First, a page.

Wednesday, June 17, 2009

Confederations Cup in South Africa 2009

Highveld Drifter.

Johannesburg .

I declined the offer of a small gun on my first evening in Johannesburg.

A satnav would have been more useful especially when negotiating the downtown area in the dark after an evening game.

The signs to the stadiums are reasonably prominent but the general city signage is very poor.

But the weather, during my week or so, was pleasant enough - it might be winter but it generally felt more like a typical English summer.

You see stadiums that are reasonably crowded considering this is not the World Cup though tickets were relatively expensive for the locals.

The atmosphere was, inevitably, noisy with the vuvuzelas (horns) a constant backdrop.


South Africa 0 Iraq 0 at Ellis Park.

Ellis Park is near to downtown Jo-burg and does need a bit of smartening up but it can generate some atmosphere.
Prior to kick-off we saw a fairly basic but effective opening ceremony followed by some speechs , first by a passionate Sepp Blatter, then briefly by president Jacob Zuma.
Perhaps more entertaining was the Mamas football game as seen in an advert on the large screen - very funny.

After a moderate, error strewn, first half the hosts picked up their play and dominated the defensive Iraqis.

But they couldn't score.

The crescendo came when Bafana Bafana nearly scored but for their own player stopping a shot on the goal line.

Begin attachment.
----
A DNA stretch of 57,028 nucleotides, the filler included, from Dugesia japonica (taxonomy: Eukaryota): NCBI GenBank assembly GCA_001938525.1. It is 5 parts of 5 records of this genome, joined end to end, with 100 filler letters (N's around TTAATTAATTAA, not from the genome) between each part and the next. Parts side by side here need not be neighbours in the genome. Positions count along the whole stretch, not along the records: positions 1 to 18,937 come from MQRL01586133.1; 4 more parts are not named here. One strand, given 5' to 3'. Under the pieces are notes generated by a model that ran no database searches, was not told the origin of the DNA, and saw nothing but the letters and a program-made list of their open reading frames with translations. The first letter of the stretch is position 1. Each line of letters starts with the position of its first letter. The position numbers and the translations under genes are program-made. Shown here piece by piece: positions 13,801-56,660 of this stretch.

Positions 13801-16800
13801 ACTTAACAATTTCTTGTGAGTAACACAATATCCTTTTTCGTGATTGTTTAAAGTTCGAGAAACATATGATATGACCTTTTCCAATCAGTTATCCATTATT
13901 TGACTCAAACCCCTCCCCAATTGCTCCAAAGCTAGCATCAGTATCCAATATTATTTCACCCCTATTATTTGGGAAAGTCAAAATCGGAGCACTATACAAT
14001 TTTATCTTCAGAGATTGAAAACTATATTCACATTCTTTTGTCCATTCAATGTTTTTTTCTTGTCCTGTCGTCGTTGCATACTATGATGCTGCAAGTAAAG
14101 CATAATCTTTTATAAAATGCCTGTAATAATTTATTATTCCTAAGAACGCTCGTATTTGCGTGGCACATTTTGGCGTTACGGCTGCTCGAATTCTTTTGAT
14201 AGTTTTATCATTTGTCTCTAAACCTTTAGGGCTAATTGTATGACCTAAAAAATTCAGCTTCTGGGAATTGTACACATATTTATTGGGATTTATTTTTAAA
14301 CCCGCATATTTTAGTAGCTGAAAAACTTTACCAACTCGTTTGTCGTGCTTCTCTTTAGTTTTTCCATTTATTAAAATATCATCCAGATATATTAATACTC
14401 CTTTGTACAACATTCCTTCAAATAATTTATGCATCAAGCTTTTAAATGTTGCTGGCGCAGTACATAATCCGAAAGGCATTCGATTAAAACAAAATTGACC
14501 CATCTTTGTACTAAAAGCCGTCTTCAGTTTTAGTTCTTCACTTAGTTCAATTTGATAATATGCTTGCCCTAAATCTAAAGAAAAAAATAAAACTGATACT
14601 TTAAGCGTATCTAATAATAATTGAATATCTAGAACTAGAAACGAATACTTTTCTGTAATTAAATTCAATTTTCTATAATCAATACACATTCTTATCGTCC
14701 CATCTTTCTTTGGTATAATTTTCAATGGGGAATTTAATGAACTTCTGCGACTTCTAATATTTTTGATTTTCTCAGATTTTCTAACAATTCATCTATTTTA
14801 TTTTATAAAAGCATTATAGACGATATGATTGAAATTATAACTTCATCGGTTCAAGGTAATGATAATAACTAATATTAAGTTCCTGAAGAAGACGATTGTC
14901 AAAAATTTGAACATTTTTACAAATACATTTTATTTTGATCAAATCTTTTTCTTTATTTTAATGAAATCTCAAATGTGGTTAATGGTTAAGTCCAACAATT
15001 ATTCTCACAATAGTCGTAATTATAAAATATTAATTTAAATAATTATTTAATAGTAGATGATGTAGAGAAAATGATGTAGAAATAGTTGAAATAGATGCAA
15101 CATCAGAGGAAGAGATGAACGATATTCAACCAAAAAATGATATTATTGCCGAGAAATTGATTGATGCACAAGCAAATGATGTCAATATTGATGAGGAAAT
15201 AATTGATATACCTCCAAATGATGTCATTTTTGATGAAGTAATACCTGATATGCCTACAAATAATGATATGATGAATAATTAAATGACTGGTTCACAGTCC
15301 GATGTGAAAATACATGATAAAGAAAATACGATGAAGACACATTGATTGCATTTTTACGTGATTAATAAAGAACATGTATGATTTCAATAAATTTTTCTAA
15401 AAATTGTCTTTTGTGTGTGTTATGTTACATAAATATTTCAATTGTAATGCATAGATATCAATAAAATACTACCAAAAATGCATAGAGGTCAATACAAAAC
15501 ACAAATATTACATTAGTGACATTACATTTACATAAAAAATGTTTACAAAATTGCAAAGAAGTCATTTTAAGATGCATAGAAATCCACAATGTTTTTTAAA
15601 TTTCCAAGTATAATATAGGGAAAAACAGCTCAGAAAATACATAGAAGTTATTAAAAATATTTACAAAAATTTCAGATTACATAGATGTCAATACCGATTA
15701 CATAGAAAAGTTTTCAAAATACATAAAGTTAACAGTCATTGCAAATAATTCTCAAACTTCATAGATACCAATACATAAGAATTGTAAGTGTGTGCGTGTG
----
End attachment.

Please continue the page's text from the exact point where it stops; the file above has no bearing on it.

Head Homos.

Egypt 1 Italy 0 at Ellis Park.

Before the start they had been trying to cover the prominent bare patchs on the pitch.

Some 52,000 tickets had been sold for this one and both teams had their support though the locals favoured their fellow Africans.

A header by new man Homos (given man of the match) got the Egyptians their first ever win over World Cup holders Italy. He had covered plenty of Ellis Park - nearly 12km.

But it was their goalie El Hadary who produced some great saves to secure the win. Much as Italy tried , especially Iaquinta , they couldn't break through.


Pretoria is somewhat easier to negotiate than Jo-burg. Again it has a well established stadium, in a rugby hotbed, located near to the centre. Again it feels like it needs a bit of updating.

But the surroundings are OK with some restaurants/coffee outlets within a short walk.

Double Rossi.

Italy 3 USA 1 at Loftus Versfeld.

Italy had good support in the 34,000 at Loftus for their initial encounter with the USA. The Americans played most of the game with 10 men after having a man (harshly) sent off.
However they did score first through a Landon Donovan penalty.

It took the substitution of New Jersey born Guiseppi Rossi to change the game. His two goals, the first a cracker, and another great strike by de Rossi sealed the match for Italy.

Samba stroll.

USA 0 Brazil 3 at Loftus Versfeld.

A comfortable win for Brazil who started quickly with a goal by Felipe Melo. This was followed by a second from Robinho.
We sat back and enjoyed some Kaka magic.

The impressive Maicon clinched the victory in the second half.

Again the Americans suffered a sending off , not that it affected the result.

Italy fail to deliver.

Italy 0 Brazil 3 at Loftus Versfeld.

In this final group game Italy needed to at least equal the Egypt result to progress to the semi-finals. Thats what we thought - not expecting the turn of events that allowed USA to jump ahead of both.